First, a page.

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The actual historic facts must be recognized once and for all
By Hilda Marija Foley | Published  12/19/2007 | Politics , Letters to the Editors | Unrated
Historical facts in the breakup of Yugoslavia must be recognized once and for all
EU proposal lays out steps on Kosovo independence

Dear Editor,

In your article "EU proposal lays out steps on Kosovo independence" by Dan Bilefsky and Stephen Castle (Dec 12, 2007) the commentators make the often quoted but erroneous statement when writing that the "early recognition of an independent Croatia accelerated the breakup of Yugoslavia. The actual historical facts must be recognized once and for all to prevent the permanent establishment of falsehoods parading as truth.

These are the five chronologically important historical dates leading to Serbia's aggression against Croatia:

May 1990: Croatia and Slovenia in the first free multiparty elections in Yugoslavia since the fall of the Berlin Wall, overwhelmingly chose democracy, while Serbia chooses communism, renamed socialism. The Serb minority in Croatia immediately started with its rebellion, supported by Serbia, with illegal activities, killings and blocking of major roads cutting Croatia from its Adriatic coast.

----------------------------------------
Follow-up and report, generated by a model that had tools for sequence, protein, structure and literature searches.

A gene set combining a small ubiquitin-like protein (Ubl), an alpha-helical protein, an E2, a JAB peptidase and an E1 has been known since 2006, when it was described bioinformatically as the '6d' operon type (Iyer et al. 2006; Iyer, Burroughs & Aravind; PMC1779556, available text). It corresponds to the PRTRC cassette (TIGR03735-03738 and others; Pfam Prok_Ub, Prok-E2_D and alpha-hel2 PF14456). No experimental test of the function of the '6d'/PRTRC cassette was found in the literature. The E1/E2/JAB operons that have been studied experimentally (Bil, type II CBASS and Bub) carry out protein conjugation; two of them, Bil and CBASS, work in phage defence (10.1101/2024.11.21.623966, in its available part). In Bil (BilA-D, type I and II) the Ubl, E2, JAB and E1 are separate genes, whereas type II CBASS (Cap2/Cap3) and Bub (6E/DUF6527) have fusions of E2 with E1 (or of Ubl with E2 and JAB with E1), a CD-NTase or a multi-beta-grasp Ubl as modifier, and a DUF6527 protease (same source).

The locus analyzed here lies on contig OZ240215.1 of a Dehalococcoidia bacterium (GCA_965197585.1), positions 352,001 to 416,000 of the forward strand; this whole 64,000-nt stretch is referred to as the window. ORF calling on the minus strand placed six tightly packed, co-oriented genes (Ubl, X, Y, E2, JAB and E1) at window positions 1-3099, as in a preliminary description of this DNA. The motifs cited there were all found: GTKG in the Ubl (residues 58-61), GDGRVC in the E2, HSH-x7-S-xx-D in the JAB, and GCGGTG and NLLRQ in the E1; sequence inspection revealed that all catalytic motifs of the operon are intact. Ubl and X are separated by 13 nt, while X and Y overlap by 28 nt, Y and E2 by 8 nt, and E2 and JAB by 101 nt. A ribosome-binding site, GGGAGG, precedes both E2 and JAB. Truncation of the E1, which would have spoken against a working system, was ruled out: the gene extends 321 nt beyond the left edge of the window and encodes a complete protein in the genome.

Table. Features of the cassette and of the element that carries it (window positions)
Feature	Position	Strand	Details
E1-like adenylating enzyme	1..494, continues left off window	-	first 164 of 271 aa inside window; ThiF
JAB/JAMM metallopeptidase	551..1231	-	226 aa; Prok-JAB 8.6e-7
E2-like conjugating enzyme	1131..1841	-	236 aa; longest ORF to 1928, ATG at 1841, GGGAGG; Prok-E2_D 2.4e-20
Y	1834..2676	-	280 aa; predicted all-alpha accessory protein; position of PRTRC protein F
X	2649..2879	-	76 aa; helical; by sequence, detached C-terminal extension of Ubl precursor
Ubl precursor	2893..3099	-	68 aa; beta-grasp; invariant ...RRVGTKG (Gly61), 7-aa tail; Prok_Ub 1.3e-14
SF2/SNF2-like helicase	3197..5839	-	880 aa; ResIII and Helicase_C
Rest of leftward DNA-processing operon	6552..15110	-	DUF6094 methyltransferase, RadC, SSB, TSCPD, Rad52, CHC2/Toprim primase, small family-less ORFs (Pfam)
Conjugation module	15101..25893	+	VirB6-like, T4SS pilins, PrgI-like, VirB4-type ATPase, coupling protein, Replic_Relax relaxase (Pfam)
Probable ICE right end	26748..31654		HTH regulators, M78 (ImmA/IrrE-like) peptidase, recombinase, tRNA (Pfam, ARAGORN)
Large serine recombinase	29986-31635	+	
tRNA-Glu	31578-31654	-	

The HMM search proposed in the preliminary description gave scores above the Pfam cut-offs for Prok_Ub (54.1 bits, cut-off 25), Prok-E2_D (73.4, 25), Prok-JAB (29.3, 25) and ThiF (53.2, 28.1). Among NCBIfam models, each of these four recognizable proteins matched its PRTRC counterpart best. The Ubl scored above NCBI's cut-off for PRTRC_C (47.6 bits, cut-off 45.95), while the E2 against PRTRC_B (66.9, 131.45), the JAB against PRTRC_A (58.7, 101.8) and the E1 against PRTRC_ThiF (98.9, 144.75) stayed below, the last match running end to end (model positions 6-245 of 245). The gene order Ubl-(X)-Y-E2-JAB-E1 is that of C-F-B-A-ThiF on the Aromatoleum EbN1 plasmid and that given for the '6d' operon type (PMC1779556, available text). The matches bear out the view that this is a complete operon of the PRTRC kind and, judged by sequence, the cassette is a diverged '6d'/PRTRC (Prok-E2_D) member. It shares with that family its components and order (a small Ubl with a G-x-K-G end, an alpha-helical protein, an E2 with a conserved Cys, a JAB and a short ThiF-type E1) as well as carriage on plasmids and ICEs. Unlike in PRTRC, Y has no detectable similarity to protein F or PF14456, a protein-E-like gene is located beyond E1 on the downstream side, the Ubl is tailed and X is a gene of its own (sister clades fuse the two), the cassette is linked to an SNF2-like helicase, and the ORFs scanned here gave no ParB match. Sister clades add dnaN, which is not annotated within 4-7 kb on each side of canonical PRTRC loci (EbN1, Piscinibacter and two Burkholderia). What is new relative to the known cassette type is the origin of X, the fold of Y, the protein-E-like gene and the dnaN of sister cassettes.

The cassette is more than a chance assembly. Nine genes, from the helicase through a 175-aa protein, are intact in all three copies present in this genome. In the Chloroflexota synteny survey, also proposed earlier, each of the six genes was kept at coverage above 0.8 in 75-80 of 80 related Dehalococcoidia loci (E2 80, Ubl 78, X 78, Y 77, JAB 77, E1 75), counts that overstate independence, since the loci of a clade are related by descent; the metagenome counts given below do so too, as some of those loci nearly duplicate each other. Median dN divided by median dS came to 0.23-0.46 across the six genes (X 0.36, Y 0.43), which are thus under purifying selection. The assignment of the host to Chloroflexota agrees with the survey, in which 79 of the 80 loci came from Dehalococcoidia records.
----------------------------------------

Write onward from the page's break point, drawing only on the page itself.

June 1991: After months of fruitless negotiations with Serbia, Croatia and Slovenia voted for total independence, their right to secession given in the Yugoslav Constitution of 1974. The EU asked Croatia and Slovenia to delay the declaration of independence until October of that year. Croatia and Slovenia agreed. The Serb-led Yugoslav army starts with stronger military aggression.

Oct. 1991: After the October declaration of independence, a full-blown war envelopes against Croatia, Serbs having all the arms of the Yugoslav war machine at their disposal, Croatia none. Vukovar and one third of Croatia is devastated, hundreds of thousands Croatians ethnically cleansed and many massacred by the Serb/Yugoslav army and Serb paramilitary. Over forty mass graves testify to this tragedy. Dubrovnik and other towns on the Adriatic coast are continually shelled. At least 20,000 lost their lives.

Jan. 1992: EU and other countries recognize Croatia, but Serbia continues with its aggression against a sovereign country, - it is not a "civil war".

Aug. 1995: With quiet American approval and strategic help, Croatia's military successfully liberates its occupied territories in the so-called Krajina region and saves Bosnia. Four years of war ended.


Hilda Marija Foley

Formatted for CROWN by Marko Pulji
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  • Comment #1 (Posted by Alexutza)

    Lovely images and a great enixrpeece, Kenny. Im envious:)Ive been across the border from Serbia, to Kosovo, and it didnt look pretty there either. Mass graves and random destruction.War is a terrible thing and its worse when ethnic issues are the main reason.
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